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Archive for July, 2010

Back in 1984, Ronald Reagan passed what may have been the most important piece of legislation during his term:  designating July as National Ice Cream Month, and that the third Sunday in July to be observed as National Ice Cream Day,  with ‘appropriate ceremonies and activities’ to celebrate these events.

Well.  If the POTUS of my high school days declared it, I believe it.  Let’s celebrate some ice cream!

When the weather started to heat up, it was time to pull out my ice cream maker, but alas, my trusty old Krups maker, after 8 years of noble service, had finally developed a crack in its casing.  It was time for a new ice cream maker, and found that Williams-Sonoma is having a sale on the Cuisinart Ice Cream Maker with the bonus of an extra freezer bowl, which only meant one thing:  getting to make double the amount of ice cream!  The maker arrived on Friday, and after giving the bowls a chance to freeze for 24 hours, I was ready to crank out some new flavors of ice cream.

Also, one important lesson learned today:  photographing ice cream before it gets all melty is quite the challenge, but a delicious (someone’s gotta eat it) one.

First up:  Raspberry Cheesecake Ice Cream

Loosely based off the Cheesecake Ice Cream recipe that came with the ice cream maker, I knew it needed some love in the guise of a raspberry swirl.   The cheesecake base is egg-free and no-cook, which makes this easy for anyone who is uncomfortable with the making of anglaises.  The combination of cream cheese, mascarpone, and sour cream add the richness; the raspberry swirl is easily made with frozen raspberries and a bit of Chambord to be added to the maker in the last few seconds of churning to create a ribbon of raspberry flavor buried in a creamy cheesecake ice cream.

Raspberry Cheesecake Ice Cream

  • 1 8-ounce block of cream cheese, room temperature
  • 1/2 cup mascarpone cheese, room temperature
  • 1 cup sugar
  • 1 cup half and half
  • 2 teaspoons vanilla extract
  • 1/4 cup sour cream
  • 1 12-ounce bag frozen raspberries
  • 1/2 cup sugar
  • 2 tablespoons Chambord or any raspberry-flavored liqueur
  • 2 tablespoons cornstarch
  • 1/4 cup cold water
  1. In a stand mixer with a paddle attachment, beat cream cheese, mascarpone, and sugar until smooth and creamy.
  2. Beat in half & half, vanilla and sour cream until combined and pour into a covered container.  Refrigerate until cold, about 1 hour.
  3. While the ice cream base chills, take 2 cups of frozen raspberries and add into a medium saucepan, reserving the remaining frozen raspberries (appx. 1/2 cup).
  4. Add sugar and Chambord to raspberries and on medium heat, bring to a full simmer.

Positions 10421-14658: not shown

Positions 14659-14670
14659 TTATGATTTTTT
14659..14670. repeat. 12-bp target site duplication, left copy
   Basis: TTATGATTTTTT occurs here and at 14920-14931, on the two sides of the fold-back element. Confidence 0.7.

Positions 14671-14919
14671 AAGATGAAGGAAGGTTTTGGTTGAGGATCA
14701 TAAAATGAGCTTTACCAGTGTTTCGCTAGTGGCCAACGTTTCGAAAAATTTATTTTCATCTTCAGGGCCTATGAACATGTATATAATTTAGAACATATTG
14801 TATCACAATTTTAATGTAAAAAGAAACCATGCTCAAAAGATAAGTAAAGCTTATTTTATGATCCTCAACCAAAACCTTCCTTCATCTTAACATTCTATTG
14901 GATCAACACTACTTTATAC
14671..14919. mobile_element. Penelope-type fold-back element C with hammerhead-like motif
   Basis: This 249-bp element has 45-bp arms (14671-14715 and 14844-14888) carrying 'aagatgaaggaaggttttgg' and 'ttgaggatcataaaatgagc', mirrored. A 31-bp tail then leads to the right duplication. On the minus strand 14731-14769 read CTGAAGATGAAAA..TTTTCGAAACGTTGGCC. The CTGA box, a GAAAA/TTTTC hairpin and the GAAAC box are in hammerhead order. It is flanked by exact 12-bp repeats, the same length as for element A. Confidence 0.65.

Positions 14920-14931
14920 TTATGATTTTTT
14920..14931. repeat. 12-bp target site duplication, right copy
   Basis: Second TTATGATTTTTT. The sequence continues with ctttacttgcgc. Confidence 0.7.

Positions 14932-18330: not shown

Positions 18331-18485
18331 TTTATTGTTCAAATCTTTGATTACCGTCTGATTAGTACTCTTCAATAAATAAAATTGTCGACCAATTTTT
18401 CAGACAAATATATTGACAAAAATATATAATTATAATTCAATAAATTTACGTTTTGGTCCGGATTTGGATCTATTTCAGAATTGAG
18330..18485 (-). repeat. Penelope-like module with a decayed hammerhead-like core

5. In a small bowl, whisk together cornstarch and cold water, then pour into raspberry sauce and stir until incorporated and sauce returns to a full simmer.
  6. Strain sauce through a fine mesh sieve to remove seeds.  Fold in remaining frozen raspberries.  Cover and refrigerate.
  7. When the ice cream base is cold, freeze as per ice cream maker’s instructions.
  8. Once the ice cream is ready to take out of the maker, pour in the raspberry sauce and churn just long enough to create a swirl through the ice cream.  Ice cream will be of a soft-serve consistency;  pack into lidded container and freeze for 2-4 hours until firm before serving.

Next up:  Mexican Chocolate Ice Cream

Man-oh-man, this just might be one of the best ice creams I’ve ever made.  It’s rich and deeply chocolate, not too sweet, with the hints of cinnamon, molasses from piloncillo sugar, and a touch of heat from cayenne pepper that makes it so uniquely Mexican chocolate.  This ice cream base gets its intense chocolate flavor from adding both cocoa powder and dark chocolate and the resulting base is more custard-like as opposed to a thinner anglaise.

A note about piloncillo sugar:  it’s a raw Mexican sugar, packed into cones;  you should be able to find it in the ethnic foods aisle of your market.  If you have difficulty in finding it, brown sugar is a perfectly acceptable substitute.

Mexican Chocolate Ice Cream

  • 3 cups half & half
  • 1 cone of piloncillo sugar (or 3/4 cup brown sugar)
  • 3 cinnamon sticks
  • 1/3 cup cocoa powder
  • 5 egg yolks
  • 2 teaspoons vanilla extract
  • 3 ounces dark chocolate, coarsely chopped
  • 1/8 teaspoon cayenne pepper
  1. In a saucepan, heat half & half, cinnamon sticks and piloncillo to a hard simmer, turning the heat off before the cream begins to boil.
  2. Turn off heat, and let steep for 30 minutes, stirring occasionally to dissolve the sugar.
  3. Whisk cocoa powder into the cream and bring back to a simmer.
  4. In a separate bowl, whisk egg yolks, then add about 1/2 cup of the hot cream to the yolks, and whisk until smooth.  Add another 1/2 cup of cream to the yolk mixture, whisk, then pour back into saucepan, and whisk until mixture returns to a simmer and thickens.  Remove from heat.
  5. Add in vanilla extract, chocolate, and cayenne pepper, and stir until chocolate has melted.
  6. Pour into lidded container and chill until cold, about 2 hours.
  7. Freeze as per ice cream maker’s instructions; pour into container and freeze until firm.

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